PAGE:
We met Doctor Gemma Foster on screen in the first of five episodes almost six weeks ago. Like thousands across the nation, I was instantly obsessed. Even at work, it consumed many of my conversations and we couldn’t wait for the next instalment. For those who have been asleep since early September, Dr. Foster is a wild five part drama (catch up on BBC iPlayer) which sees Suranne Jones playing a beautiful 30-something, successful Senior GP. Her life is shattered when she suspects her husband is having an affair.
As the audience we befriend Gemma. She’s attractive yet relatively unthreatening and plays the dutiful, thoughtful wife superbly. However, it’s Suranne’s expert delivery of lines and portrayal of Gemma that instantly gets you on side. Gemma’s tone of voice and tenderness with her son, her professional at-work demeanour and her calm, chilled out attitude. But it’s when Suranne notices a blonde hair on her husbands scarf, (she’s brunette) that she begins to suspect something, thus tumbling into a crisis of distrust, uncertainty and doubt.
So what made the BBC create a drama based around infidelity? A drama where sentences like “Darling, all men cheat it’s just some get caught” pop up. Where the woman scorned saves up for her ultimate revenge rather than reacting like many of us would (smash plates, throw things, scream, cry)…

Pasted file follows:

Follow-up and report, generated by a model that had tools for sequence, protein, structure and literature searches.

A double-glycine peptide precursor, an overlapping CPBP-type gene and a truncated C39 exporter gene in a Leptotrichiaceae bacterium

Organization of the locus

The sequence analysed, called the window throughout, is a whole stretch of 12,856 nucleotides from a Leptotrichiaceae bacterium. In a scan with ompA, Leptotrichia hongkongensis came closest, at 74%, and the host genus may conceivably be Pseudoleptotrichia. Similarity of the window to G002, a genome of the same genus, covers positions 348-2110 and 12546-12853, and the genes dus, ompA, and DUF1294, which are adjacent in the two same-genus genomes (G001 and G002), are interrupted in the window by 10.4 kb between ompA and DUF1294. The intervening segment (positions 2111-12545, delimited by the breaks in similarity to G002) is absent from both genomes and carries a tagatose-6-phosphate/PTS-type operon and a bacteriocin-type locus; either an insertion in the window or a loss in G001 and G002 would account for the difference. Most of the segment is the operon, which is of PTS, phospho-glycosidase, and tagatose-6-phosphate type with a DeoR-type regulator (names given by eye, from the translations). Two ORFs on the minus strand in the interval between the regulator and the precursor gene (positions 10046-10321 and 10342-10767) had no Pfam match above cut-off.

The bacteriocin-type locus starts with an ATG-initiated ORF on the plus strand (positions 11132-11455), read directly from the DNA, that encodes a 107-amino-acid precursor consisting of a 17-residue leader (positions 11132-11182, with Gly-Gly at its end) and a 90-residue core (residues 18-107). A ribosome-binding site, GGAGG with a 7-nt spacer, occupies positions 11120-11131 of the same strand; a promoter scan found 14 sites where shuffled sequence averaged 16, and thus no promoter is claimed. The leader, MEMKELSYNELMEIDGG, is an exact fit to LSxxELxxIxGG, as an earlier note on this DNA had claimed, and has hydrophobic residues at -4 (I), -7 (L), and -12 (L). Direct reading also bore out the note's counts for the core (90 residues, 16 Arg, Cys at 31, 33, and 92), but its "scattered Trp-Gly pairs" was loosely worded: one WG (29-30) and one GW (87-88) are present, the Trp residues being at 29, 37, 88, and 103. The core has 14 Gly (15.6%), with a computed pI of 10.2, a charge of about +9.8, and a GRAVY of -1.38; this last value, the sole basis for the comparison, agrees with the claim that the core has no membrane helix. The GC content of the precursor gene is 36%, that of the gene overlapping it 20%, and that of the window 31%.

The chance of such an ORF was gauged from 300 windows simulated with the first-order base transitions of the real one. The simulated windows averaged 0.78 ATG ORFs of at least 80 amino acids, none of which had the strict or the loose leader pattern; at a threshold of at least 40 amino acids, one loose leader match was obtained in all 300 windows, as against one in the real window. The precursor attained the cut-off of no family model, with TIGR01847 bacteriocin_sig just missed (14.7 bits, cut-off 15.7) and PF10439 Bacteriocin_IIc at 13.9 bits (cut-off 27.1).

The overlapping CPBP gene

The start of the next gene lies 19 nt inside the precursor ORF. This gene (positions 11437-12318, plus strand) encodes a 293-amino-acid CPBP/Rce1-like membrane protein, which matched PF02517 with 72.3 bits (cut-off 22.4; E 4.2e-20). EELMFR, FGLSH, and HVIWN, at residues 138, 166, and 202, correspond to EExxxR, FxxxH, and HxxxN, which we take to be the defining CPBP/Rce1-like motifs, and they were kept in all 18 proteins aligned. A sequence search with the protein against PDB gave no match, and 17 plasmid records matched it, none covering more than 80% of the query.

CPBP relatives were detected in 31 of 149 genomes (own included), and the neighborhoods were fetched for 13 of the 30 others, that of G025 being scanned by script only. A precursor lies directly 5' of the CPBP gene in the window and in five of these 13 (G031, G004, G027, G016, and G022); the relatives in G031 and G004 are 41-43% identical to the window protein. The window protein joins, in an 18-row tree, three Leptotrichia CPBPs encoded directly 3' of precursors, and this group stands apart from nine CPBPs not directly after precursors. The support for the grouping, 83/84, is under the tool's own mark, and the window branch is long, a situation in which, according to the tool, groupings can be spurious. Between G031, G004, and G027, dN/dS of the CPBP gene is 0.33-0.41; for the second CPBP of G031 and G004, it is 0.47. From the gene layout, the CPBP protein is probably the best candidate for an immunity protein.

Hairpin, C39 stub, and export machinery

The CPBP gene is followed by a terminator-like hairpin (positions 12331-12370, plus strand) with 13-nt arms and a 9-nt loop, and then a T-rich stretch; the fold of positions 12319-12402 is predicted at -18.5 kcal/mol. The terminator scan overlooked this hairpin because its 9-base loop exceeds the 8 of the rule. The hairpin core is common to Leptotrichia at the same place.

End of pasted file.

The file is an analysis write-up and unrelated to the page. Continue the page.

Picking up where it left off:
Well actually, it’s not that surprising they aired this gripping, adultery themed piece. Did you know that according to e-Harmony, 50% of men cheat. Shocking isn’t it? Although not the most accurate of sources, it still surprises me that the proportion is so high. You only have to read those brightly coloured ‘surgery results’ fed in flashes across pages in glossy magazines to know that the sad truth is, people do cheat. I’ve read that in the US, roughly 30-60% of all married individuals engage in infidelity at some point and it’s more common in those under 30.
What’s most worrying however is that the majority of affairs go uncovered. Well actually, is that worrying? Is it true that what you don’t know can’t hurt you? In Doctor Fosters case, it was actually going on for two years without her knowledge and she seemed rather happy in comparison, right? In a book by K.G. Anderson, what I found most disturbing is that in their large study, 2-3% of all children were the product of an affair. So partners aside, when it does get to this stage you know the family are in trouble?
These statistics are enough to make anybody a bit sceptical about entering into a monogamous relationship. Especially a permanent one (aka marriage). What Dr.Foster carefully demonstrates in this big-brother, ‘fly on the wall’ style drama is that relationships are key. In their case, she married a weak and greedy man who was bad at business and even worse at covering his tracks. He spent her entire life savings, her mums inheritance that had been saved for their sons education and even forged a signature to re-mortgage their home. All behind her back. In their neighbours case, the guy often strayed but the wife knew it and accepted.